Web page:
eric hause

An Early Attempt at Escape

The tanned woman was looking down at me, her feathered hair cascading around a perfectly formed face punctuated by two beautiful blue eyes.

“Are you lost?” she asked.

I remember wondering why she would ask such a question. I didn’t think I was.

The Florida morning was warm but not steamy. Puffy cumulus clouds rode on a fresh breeze that rattled the palms. It was a gorgeous day, and I had decided to go for ride.

“No,” I replied, “I live right around the corner.”

“OK,” she shrugged, rolled up the car widow, and drove away.

I grabbed the handlebars, hit the pedals, and took off in the other direction.

I didn’t know that back on Minnesota Drive, my mother was freaking out. See, it was 1966, I was four years old, and I had disappeared from our house about an hour before.  On my tricycle.

I also didn’t know that she had called the police and at that very moment was in the back of a black and white, riding the streets of our neighborhood in search of her missing son.

I didn’t care about any of those things. All I knew was that I was having a ball, riding around in circles in the middle of the Volusia County Hospital emergency entrance three miles from my parent’s house.

I had somewhat mastered the art of two-wheel tricycle doughnuts, which involved accelerating to a breathtaking speed, pulling a hard left, then laughing delightedly as I rose up on two wheels and careened in a circle.

The emergency room entrance seemed in many ways the perfect spot to practice my stunt.

I don’t know how much time passed before I saw the police car approaching me. My mother was hanging out the back window, screaming my name. She jumped out before the car had barely stopped and ran to me.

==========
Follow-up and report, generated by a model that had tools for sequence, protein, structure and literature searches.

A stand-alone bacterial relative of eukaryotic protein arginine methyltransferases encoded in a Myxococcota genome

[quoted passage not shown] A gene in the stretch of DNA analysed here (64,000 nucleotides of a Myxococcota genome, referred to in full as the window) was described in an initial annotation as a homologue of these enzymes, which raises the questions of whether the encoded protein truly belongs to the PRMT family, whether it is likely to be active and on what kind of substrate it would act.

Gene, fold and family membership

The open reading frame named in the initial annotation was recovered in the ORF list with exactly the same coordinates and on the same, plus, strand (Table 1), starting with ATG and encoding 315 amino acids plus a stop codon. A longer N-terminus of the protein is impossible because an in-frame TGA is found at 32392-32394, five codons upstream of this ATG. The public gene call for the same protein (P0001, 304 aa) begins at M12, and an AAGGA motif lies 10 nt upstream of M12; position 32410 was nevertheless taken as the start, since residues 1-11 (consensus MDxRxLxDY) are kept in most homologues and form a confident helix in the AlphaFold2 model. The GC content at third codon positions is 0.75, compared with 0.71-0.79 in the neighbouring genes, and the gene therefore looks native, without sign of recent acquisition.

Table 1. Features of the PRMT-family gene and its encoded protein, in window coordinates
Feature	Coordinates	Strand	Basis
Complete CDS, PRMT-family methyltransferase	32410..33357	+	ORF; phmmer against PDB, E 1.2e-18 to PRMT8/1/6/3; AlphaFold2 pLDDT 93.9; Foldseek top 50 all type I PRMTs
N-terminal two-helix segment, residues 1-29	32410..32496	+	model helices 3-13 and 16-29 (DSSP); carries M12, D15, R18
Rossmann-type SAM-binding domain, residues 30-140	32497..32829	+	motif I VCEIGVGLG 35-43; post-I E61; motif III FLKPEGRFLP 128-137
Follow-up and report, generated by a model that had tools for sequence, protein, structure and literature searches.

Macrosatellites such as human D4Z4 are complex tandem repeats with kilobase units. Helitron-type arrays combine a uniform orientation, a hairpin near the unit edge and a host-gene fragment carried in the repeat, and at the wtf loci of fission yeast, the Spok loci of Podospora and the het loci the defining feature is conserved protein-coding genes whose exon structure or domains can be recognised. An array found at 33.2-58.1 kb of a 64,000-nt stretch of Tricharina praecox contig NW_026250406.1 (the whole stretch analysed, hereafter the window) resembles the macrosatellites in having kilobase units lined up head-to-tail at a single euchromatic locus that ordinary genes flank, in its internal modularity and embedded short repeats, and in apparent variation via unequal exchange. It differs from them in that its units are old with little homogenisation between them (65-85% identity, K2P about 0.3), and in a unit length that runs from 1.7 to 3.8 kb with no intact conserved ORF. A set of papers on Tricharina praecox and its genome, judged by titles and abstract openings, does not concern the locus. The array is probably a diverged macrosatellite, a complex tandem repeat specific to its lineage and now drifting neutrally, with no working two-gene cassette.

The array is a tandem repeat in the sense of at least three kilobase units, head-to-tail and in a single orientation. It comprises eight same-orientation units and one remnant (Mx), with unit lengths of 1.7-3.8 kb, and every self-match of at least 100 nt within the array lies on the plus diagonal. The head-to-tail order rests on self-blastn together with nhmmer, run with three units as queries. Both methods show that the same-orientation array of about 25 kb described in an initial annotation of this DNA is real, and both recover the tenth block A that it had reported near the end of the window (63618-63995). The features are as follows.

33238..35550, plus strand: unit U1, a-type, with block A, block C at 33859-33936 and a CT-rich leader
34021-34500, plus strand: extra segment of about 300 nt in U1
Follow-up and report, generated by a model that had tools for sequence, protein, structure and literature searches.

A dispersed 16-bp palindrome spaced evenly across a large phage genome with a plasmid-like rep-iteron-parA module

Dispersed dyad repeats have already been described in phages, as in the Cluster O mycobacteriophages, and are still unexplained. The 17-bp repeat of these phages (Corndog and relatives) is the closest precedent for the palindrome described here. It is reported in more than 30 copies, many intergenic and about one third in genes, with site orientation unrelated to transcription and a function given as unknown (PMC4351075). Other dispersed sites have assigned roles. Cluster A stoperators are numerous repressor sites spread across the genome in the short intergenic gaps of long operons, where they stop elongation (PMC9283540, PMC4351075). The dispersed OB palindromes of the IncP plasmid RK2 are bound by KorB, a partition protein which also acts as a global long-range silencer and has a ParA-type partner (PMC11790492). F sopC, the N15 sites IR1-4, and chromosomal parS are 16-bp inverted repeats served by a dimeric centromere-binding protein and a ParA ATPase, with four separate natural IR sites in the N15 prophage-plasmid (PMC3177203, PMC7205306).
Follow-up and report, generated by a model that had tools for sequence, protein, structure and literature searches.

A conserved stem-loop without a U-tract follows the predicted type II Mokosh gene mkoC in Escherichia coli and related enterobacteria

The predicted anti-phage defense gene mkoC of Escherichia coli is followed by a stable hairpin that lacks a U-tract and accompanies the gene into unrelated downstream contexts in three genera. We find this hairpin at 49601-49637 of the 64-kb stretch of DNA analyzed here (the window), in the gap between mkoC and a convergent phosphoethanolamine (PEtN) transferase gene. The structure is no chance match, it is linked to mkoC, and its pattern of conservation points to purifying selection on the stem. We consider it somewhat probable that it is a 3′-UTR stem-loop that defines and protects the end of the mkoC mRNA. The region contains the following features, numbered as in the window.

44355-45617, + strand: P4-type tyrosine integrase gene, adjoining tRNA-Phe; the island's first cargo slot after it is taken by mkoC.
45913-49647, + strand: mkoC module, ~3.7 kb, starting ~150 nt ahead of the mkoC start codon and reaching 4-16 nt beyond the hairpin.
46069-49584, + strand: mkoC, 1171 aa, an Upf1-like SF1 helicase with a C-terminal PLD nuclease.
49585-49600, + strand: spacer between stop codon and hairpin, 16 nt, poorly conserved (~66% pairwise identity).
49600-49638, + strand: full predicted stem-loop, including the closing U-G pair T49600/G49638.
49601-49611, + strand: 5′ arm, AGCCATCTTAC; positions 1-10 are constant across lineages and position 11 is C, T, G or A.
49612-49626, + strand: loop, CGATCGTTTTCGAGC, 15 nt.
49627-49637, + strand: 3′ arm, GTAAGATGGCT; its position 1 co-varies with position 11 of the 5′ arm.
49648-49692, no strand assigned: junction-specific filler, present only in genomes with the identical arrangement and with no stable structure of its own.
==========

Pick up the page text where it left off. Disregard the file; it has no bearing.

“Eric, Jesus, you scared me to death. Are you OK? Stand up and let me look at you.”

As she examined me from head to toe looking for wounds and some sign of regret, I looked up into the eyes of a tall dark man in a blue uniform. He had a black bushy moustache. On his muscular left arm, he had a tattoo of an anchor.

He squatted down next to me.  “Son are you ok,” he asked in a deep calm voice.

“I’m OK!” I said. My mother was almost whimpering with relief.

“Well, then, let’s get you home,” he said. I watched with awe as he stood and picked up my tricycle with one hand.

My mother gripped my arm tightly, and we followed him to the cruiser. He opened the back door with his free hand, and I scooted in next to my mother.

“Eric, I thought you were kidnapped or worse. Don’t you EVER run off like that again.”

I wasn’t listening. Instead, I was peering over the seat at our officer who was lifting my tricycle into the trunk. I couldn’t take my eyes of him as he slid into the front seat.

He turned around, put his hand on my shoulder and said, “ You scared your mother buddy. Next time, be sure to check with her before you take off, ok?”

I nodded sheepishly. He tousled my hair, then started the car.

As he drove us home, I drilled holes in the back of his head with my eyes. Now I knew: he had saved me from certain death. He was my hero, and I wanted him to be my daddy.

 

 

 

 

 

 

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